A Woman’s Guide to Adventure Travel Packing Essentials

About to head off on a travel adventure? Here are some items  to consider bringing along! Complete with pictures and embedded links.

A toiletries/cosmetics bag with a hook for the inevitable lack of counter space. I prefer one that packs flat.

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A purse that can handle any weather (for this and all items on this list – beware of bringing leather if you are going to be in a damp climate for an extended period of time! It will mold!). Look for one with a wide strap that won’t hurt your shoulder after a full day of wearing it across your body and that will also be difficult for pickpockets to slice through.

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Packing cubes or compression sacks for consolidating your clothes in your backpack/luggage. Also, be sure you are bringing just enough clothing for about 5 to 7 days – no matter the length of your trip, you will be cleaning your clothes and re-wearing them. If you are unsure you will need something, don’t bring it. This will save you a lot of packing room.

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A combination lock and/or a lock with a cable if you are going to be storing your items in places such as hostels. You may need to store items in a locker and provide your own lock. If you don’t have a locker, you may want to lock the zippers together and also lock your bag to something sturdy.

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A day pack that rolls up small to take up almost no space in your main bag.

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A microfiber towel that also takes up very little room and drys quickly. If it has a loop attached, you can clip it to the outside of your bag to dry if you have to travel with a wet towel.

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Carabiners to attach everything to everything.

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A small umbrella, especially if you are in a place like the jungle that may be too hot to always have a rain jacket with you but involve frequent unpredictable showers. Use a carabiner to attach it to your daypack or purse and always be prepared.

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A pocket-sized portable charger. If you are not going to have reliable electricity, you can also find solar-powered chargers.

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If you are not going to have access to safe drinking water for extended periods of time, the LifeStraw water bottle will remove bacteria and parasites from your water as you drink it. There’s no wait time like there is for iodine droplets and the filter only needs to be changed after about a year of continuous use.

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If you’re going to be traveling around countries with different electrical outlets than the ones from home, bring an all-in-one outlet converter.

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Keep chargers, wires, and memory cards organized and in one place with an electronics organizer and/or memory card holder.

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Bring light-weight dry sacks to store electronics and other items that can’t get wet in your backpack. Use a heavier duty dry sack if you need to submerge the items in water.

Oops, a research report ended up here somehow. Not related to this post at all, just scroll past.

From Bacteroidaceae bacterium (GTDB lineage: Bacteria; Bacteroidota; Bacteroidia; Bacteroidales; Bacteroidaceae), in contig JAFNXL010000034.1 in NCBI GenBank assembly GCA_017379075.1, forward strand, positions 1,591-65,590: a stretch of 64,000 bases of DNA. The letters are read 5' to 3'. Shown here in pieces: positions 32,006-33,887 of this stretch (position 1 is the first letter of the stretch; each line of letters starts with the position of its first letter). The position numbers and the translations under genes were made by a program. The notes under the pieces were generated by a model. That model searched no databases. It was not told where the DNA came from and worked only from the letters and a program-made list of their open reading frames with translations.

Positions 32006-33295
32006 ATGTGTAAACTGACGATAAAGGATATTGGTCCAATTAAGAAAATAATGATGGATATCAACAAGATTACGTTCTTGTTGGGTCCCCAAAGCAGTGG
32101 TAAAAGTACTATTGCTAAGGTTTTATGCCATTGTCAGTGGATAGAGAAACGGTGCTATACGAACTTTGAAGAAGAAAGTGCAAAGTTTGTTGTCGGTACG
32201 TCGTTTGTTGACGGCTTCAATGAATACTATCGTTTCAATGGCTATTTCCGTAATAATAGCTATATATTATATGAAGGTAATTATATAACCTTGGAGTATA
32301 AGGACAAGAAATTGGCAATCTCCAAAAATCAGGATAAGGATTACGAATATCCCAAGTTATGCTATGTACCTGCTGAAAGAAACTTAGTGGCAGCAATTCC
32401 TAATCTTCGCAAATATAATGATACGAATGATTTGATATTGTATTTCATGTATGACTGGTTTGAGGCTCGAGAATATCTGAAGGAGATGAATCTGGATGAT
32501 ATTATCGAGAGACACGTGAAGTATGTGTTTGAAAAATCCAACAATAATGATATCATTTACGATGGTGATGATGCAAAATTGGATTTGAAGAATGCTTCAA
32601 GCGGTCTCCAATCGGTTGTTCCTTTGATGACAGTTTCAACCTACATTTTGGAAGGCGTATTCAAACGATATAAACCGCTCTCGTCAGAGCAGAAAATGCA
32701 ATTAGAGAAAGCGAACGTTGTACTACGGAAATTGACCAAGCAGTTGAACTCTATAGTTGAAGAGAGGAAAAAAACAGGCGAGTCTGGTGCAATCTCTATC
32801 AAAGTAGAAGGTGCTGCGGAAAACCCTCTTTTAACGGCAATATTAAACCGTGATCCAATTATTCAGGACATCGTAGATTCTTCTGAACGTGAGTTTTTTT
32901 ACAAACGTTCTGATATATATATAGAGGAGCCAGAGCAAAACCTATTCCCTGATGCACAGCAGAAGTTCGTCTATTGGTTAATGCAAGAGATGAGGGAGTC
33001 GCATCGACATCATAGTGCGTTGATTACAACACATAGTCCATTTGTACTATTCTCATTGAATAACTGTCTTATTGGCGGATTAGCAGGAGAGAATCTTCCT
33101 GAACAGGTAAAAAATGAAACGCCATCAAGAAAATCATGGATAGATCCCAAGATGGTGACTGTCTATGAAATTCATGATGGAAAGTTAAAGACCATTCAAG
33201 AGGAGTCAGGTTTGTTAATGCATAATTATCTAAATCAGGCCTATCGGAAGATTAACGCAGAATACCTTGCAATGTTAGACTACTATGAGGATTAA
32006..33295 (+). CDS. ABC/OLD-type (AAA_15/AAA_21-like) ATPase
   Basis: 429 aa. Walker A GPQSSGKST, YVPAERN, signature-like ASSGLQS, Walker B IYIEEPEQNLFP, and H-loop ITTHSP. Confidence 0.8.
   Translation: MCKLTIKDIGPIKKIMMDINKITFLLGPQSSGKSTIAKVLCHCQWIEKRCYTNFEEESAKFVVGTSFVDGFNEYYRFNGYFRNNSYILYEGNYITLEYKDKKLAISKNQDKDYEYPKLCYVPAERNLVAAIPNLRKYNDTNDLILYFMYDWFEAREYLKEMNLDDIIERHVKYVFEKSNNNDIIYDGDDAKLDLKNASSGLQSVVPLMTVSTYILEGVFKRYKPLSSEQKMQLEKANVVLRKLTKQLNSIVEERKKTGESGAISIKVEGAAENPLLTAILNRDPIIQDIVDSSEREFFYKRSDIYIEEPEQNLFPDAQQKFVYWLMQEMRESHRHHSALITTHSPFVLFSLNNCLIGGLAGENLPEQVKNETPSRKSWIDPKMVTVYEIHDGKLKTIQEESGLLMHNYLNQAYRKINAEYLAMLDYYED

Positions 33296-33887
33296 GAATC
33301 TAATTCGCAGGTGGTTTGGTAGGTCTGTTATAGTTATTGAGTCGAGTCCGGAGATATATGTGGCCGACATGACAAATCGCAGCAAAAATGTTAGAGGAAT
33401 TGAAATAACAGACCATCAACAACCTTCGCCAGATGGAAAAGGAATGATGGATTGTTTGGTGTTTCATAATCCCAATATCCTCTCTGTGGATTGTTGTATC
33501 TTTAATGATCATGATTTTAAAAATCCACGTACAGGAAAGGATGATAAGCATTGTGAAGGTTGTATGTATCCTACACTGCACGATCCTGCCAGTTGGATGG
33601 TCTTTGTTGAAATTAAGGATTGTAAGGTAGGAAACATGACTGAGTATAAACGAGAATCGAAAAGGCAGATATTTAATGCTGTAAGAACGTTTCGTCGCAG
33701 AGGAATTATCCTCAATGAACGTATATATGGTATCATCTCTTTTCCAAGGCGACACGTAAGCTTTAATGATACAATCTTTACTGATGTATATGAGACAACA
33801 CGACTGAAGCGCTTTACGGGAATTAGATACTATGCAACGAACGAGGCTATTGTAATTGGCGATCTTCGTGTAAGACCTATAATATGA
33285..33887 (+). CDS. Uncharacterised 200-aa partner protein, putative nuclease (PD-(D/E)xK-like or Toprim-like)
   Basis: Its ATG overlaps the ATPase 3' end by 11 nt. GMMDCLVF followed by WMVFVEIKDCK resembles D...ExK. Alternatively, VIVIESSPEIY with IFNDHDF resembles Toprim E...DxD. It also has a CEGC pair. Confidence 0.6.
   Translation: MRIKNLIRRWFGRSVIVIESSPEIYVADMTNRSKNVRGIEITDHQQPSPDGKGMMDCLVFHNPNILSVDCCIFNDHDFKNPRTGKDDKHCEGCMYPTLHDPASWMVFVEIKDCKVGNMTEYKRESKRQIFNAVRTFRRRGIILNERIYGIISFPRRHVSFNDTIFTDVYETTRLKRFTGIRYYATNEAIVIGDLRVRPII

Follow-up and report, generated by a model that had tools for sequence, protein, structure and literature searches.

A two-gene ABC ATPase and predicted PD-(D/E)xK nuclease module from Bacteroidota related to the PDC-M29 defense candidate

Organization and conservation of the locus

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A weather-proof notebook (and a working utensil!). Writing down your thoughts while traveling is a great gift to have after the trip is over. You don’t want to have to worry about whether or not your notebook is going to make it through your adventures.

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A waterproof phone case that can also take all the tumbles and falls. It’s also a smart idea to attach a wrist strap to the case.

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A menstrual cup is an easy (and environmentally sustainable!) way of making sure you’re prepared for your time of the month, no matter the type of adventure you are on. Plus, in some places you travel to, it may be difficult to stock up on pads or tampons, so this reusable option can be great for people with periods who travel.

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A rain cover for your backpack (also a great way to keep your straps from snagging).

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Not to mention, you will probably need a backpacker’s backpack to carry all of your stuff. Look for one between 50 and 70 liters. Take into consideration your size and strength – if you buy a backpack on the larger end, you will probably fill it up. I am a fairly small human so I stick with a 58 liter bag. Also look for a bag that zips all the way open for easy access to your packed items (rather than a bottom-feeding backpack) so that you don’t have to unpack everything every time you need to find something. If you’re looking for a place to start searching for the right backpack, check out the options at these sites:

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www.ospreypacks.com/us/en/packfinder/

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https://www.rei.com/c/backpacking-packs?r=c&ir=category%3Abackpacking-packs&page=1

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http://www.sierratradingpost.com/backpacks~d~238/specdataor~pack%20volume!over%2054%20l/

Happy adventuring!

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One Comment Add yours

  1. Victoria says:

    I definitely agree with the portable charger. It’s always important to have your phone in case of an emergency. Thanks for sharing!

    Liked by 1 person

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